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Reforming asylum and migration management: A shift towards greater solidarity?

30-10-2020

In September 2020, the European Commission submitted a proposal on asylum and migration management, to replace the 2013 Dublin Regulation that determines the EU Member State responsible for examining asylum applications. While the proposal 'essentially preserves' the current criteria for determining this responsibility, it would also make changes and additions to the regulation, especially on solidarity and responsibility-sharing for asylum-seekers among Member States. The proposal comes after a ...

In September 2020, the European Commission submitted a proposal on asylum and migration management, to replace the 2013 Dublin Regulation that determines the EU Member State responsible for examining asylum applications. While the proposal 'essentially preserves' the current criteria for determining this responsibility, it would also make changes and additions to the regulation, especially on solidarity and responsibility-sharing for asylum-seekers among Member States. The proposal comes after a failed attempt to reform EU asylum policy following the 2015 migration crisis. While the migratory context has changed since, both in terms of arrivals and the composition of flows, the migration situation remains fragile, as evidenced by pressures on national asylum systems and continual disembarkations after search and rescue operations. According to the Commission, addressing this situation requires a relaunch of the reform of the common European asylum system to achieve a more efficient, fair and harmonised framework that is more resistant to future migratory pressures. The new system would ensure international protection to those who need it and be effective and humane towards those who have to be returned. First edition. The 'EU Legislation in Progress' briefings are updated at key stages throughout the legislative procedure.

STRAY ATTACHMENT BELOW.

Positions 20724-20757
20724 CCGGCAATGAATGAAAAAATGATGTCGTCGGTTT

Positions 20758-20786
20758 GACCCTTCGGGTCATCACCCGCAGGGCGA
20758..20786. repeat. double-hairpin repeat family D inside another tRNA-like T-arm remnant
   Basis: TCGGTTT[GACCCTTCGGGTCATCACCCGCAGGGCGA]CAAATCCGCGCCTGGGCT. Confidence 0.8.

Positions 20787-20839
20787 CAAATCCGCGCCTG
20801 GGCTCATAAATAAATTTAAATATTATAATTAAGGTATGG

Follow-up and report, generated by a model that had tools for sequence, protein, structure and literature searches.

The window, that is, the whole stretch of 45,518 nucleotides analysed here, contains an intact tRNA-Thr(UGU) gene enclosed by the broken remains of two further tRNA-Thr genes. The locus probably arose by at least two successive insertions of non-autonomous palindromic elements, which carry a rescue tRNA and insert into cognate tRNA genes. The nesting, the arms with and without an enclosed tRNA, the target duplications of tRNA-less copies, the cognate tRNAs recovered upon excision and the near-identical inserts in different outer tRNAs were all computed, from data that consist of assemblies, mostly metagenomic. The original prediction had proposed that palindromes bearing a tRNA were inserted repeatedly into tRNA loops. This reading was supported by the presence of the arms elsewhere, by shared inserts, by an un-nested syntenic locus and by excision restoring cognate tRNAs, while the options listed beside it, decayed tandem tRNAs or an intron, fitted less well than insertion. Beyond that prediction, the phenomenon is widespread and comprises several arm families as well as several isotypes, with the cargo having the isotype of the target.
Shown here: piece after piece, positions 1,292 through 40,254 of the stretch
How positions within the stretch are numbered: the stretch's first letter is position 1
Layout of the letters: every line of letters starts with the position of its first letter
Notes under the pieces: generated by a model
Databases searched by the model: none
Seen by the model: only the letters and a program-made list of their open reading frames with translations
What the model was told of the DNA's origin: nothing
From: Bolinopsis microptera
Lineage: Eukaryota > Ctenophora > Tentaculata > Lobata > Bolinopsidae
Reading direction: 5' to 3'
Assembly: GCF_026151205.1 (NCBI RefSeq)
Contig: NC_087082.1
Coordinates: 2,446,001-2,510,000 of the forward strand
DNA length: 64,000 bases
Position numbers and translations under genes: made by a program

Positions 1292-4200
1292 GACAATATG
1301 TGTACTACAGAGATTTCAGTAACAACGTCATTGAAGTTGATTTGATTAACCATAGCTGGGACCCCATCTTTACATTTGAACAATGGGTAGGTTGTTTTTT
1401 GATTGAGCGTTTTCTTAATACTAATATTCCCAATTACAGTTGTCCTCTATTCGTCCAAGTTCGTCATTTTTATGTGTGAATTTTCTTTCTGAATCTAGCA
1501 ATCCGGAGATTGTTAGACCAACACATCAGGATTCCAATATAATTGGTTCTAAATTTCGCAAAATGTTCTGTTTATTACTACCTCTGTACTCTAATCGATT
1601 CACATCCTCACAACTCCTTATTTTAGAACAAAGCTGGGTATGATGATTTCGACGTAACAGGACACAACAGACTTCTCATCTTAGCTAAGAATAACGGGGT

Key issues in the European Council: State of play in October 2020

15-10-2020

This EPRS publication, 'Key issues in the European Council', is updated quarterly to coincide with European Council meetings. It aims to provide an overview of the institution’s activities on major EU issues, by analysing twelve broad policy areas, explaining the legal and political background and the main priorities and orientations defined by the European Council in each field. It also assesses the results of European Council involvement in these policy areas to date, and identifies future challenges ...

This EPRS publication, 'Key issues in the European Council', is updated quarterly to coincide with European Council meetings. It aims to provide an overview of the institution’s activities on major EU issues, by analysing twelve broad policy areas, explaining the legal and political background and the main priorities and orientations defined by the European Council in each field. It also assesses the results of European Council involvement in these policy areas to date, and identifies future challenges in the various policy fields.

An EU mechanism on democracy, the rule of law and fundamental rights

02-10-2020

Article 2 of the Treaty on European Union (TEU) enshrines the Union's founding values. As these shared values are binding on Member States and the European Union (EU) institutions, several mechanisms have been created to promote them and ensure they are respected. EU institutions have made several proposals to strengthen the mechanisms. Parliament is due to vote during the October I plenary session on a legislative-initiative report proposing to integrate and reinforce them through an EU mechanism ...

Article 2 of the Treaty on European Union (TEU) enshrines the Union's founding values. As these shared values are binding on Member States and the European Union (EU) institutions, several mechanisms have been created to promote them and ensure they are respected. EU institutions have made several proposals to strengthen the mechanisms. Parliament is due to vote during the October I plenary session on a legislative-initiative report proposing to integrate and reinforce them through an EU mechanism on democracy, the rule of law and fundamental rights (DRF).

Reform of the Dublin system

30-09-2020

The refugee and migrant crisis in Europe has exposed the need for reform of the Common European Asylum System, in general, and of the Dublin rules, in particular. The Commission’s proposal of 4 May 2016 to reform the Dublin system would not change the existing criteria for determining which Member State is responsible for examining an asylum application. Instead of a fundamental overhaul of the Dublin regime, as suggested by Parliament, the Commission proposed to streamline and supplement the current ...